10 Easy Tips for Professional Audio Quality

10 Easy Tips for Professional Audio Quality

Reader Comments (15)

  1. Such kind comments Sonia!

    Steven, I appreciate that note about pop filters. Pop Filters are similar tiny homes, sometimes the smallest things make the biggest difference.

  2. Hey Toby!

    These are great tips for new podcasters! 😉

    I would say that some of the most important parts here would be having the right microphone (of high quality) and setting up your “studio” so to speak – in a quiet area where you can just relax and vent. You do need the right place to record your podcast shows.

    You hit some great points and great advice!

    Thanks for sharing!

    Cheers! 😀

  3. I’ll disagree with your thoughts on condenser microphones. Many podcasters use em with no issues. They are NOT made for fancy studios – they are just microphones that need phantom power. Your suggestion of using the Focusrite Scarlett as an audio interface handles that just fine.

    Coaxing out good sound … again, this really isn’t an issue. Different mics do different things. Even the two you suggest will sound different, and you’ll have to do some different things (eq, placement, etc) to get good sound out of them. Condenser mics are no different.

    • Hi David

      I love your passion for good sound. Regarding condenser microphones. I began recommending condenser microphones as well, they’re amazing. I’m simply pointing to the fact that because of the increased sensitivity, they more often pick up room reflections. I encourage the use of a condenser microphone, but remember the recording space plays a larger impact on the sound. After hundreds of recordings, I’ve landed on dynamic microphones because I want to give advice that a larger audience can quickly win with. If one is willing to invest in correcting their acoustic environment, I agree, there’s no substitute for a good large diaphragm condenser!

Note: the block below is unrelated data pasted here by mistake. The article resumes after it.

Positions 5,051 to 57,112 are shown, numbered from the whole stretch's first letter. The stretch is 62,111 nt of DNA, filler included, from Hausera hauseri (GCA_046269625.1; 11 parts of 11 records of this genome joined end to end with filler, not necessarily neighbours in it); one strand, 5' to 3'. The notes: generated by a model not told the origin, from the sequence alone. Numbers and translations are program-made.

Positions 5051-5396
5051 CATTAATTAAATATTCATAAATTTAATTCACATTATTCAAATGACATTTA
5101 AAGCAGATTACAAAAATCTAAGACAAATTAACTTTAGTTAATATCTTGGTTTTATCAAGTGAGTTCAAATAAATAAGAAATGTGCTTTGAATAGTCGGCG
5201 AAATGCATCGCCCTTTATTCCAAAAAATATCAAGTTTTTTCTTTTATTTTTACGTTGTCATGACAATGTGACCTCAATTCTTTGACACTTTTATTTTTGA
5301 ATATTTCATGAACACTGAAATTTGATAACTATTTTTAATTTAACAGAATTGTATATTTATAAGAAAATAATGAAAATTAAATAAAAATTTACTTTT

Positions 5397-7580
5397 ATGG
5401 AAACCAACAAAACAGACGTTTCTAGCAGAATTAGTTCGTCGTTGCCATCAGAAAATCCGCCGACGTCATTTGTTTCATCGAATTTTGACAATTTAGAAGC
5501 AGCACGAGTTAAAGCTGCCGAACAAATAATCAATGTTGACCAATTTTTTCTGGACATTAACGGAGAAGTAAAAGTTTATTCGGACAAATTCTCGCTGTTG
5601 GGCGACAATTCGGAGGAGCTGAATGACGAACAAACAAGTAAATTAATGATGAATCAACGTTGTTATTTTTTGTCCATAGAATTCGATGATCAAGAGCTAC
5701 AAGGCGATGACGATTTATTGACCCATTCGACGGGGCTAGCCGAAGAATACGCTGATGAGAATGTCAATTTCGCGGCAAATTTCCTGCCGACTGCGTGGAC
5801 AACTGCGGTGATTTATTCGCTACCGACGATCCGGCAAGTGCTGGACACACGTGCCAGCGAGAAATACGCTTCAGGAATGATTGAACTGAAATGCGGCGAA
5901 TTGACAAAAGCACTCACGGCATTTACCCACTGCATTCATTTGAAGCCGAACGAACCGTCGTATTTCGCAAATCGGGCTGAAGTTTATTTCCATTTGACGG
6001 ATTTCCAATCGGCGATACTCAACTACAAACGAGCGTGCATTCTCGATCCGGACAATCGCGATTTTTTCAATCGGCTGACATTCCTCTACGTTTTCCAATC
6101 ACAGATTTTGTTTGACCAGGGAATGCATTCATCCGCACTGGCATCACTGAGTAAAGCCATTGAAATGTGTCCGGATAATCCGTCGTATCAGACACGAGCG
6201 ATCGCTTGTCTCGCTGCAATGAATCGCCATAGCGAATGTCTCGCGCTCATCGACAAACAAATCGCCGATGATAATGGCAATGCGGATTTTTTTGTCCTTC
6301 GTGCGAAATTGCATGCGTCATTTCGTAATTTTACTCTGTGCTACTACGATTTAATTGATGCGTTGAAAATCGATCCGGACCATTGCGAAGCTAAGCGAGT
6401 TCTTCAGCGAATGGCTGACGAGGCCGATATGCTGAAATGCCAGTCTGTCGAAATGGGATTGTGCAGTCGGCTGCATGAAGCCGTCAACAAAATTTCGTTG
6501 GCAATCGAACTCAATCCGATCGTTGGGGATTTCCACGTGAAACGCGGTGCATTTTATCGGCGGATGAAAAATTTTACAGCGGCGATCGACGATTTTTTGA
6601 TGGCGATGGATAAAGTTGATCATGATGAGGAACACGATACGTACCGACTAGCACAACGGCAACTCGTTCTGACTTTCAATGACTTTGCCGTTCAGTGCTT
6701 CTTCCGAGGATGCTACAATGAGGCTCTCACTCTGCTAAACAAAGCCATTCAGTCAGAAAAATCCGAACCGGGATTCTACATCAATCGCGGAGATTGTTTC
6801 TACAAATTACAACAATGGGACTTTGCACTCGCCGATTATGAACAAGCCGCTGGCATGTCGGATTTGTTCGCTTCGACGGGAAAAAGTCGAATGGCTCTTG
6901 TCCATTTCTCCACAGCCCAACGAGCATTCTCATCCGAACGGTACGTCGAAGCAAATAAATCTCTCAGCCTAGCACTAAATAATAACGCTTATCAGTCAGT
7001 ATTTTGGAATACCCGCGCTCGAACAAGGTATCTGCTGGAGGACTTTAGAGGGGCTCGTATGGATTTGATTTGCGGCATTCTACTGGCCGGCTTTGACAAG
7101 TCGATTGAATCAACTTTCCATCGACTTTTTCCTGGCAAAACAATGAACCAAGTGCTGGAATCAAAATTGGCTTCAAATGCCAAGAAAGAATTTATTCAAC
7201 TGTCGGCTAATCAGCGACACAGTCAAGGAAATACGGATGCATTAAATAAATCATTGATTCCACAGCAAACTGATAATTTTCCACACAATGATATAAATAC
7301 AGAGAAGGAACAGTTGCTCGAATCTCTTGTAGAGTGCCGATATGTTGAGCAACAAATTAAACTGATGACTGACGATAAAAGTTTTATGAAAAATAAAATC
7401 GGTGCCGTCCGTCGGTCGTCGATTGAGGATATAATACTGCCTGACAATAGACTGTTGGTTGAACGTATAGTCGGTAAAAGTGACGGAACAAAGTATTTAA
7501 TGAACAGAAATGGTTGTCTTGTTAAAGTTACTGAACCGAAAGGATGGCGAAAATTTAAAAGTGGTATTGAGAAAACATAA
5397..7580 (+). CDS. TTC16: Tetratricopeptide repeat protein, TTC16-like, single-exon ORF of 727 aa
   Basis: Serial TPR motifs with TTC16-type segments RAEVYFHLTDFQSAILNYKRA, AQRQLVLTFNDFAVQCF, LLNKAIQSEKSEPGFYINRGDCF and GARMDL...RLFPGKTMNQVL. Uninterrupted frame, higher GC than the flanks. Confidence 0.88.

4. I purchased a nice microphone recently. I wasn’t planning to get a mic stand, as I don’t mind holding the mic in my hand, but now I’m strongly considering it. Because I somehow didn’t consider the fact that my new mic would (of course) pick up every little movement I made. Many of the sounds are minor and/or fixable, but ideally they just shouldn’t be there at all.

    A pop filter, on the other hand, is one thing I thought I’d need, but really don’t. I find that placing the mic to the side of my mouth — very close to my face, but just outside that stream of air — eliminates all the plosive “pops.”

    • Hi Nancy

      Congratulations on your new microphone! A microphone stand has the advantages you mentioned, as well as keeping a consistent distance from the sound source to the microphone. It sounds however, like you’ll enjoy the reduced editing time the most! The more streamlined the podcast process is, the more likely you’ll consistently podcast, and have energy to keep going …

      I’m glad you’re finding the pop filter unnecessary. If your microphone position is communicating your message without a pop filter, you’re right to leave it off.

      Happy podcasting!

  5. Great stuff as always Toby! Especially that Zencastr tip.

    Maybe another bonus tip could be…when it sounds bad, send it to the professional editor.

  6. Nice post, Toby. I am planning to start podcasting and this post will be a nice addition to my research. Microphone selection and kind of recording space are quite important.
    I personally like Audio-Technica 2100 when it comes to microphone selection.

    Thanks once again for this post.

  7. Hi Toby,

    Nice Tips!

    If you’re producing a podcast of your own, you’re likely a writer, journalist, or subject matter expert with great ideas and stories but working with a small budget. Poor audio quality can detract from the message that you’re trying to deliver, so it’s important to get great-sounding, compelling audio.

    Relevant to optimizing how your voice sounds, one easy to find resource I highly recommend to anyone who’s serious about doing webinars/podcasts/videos online is “Vocal Power” by Roger Love. Roger is a famous voice coach who’s helped Tony Robbins, Eminem, and many more super star celebrities to tap into the voice that is perfect for them.

    Thank you for all the suggestions here Toby!

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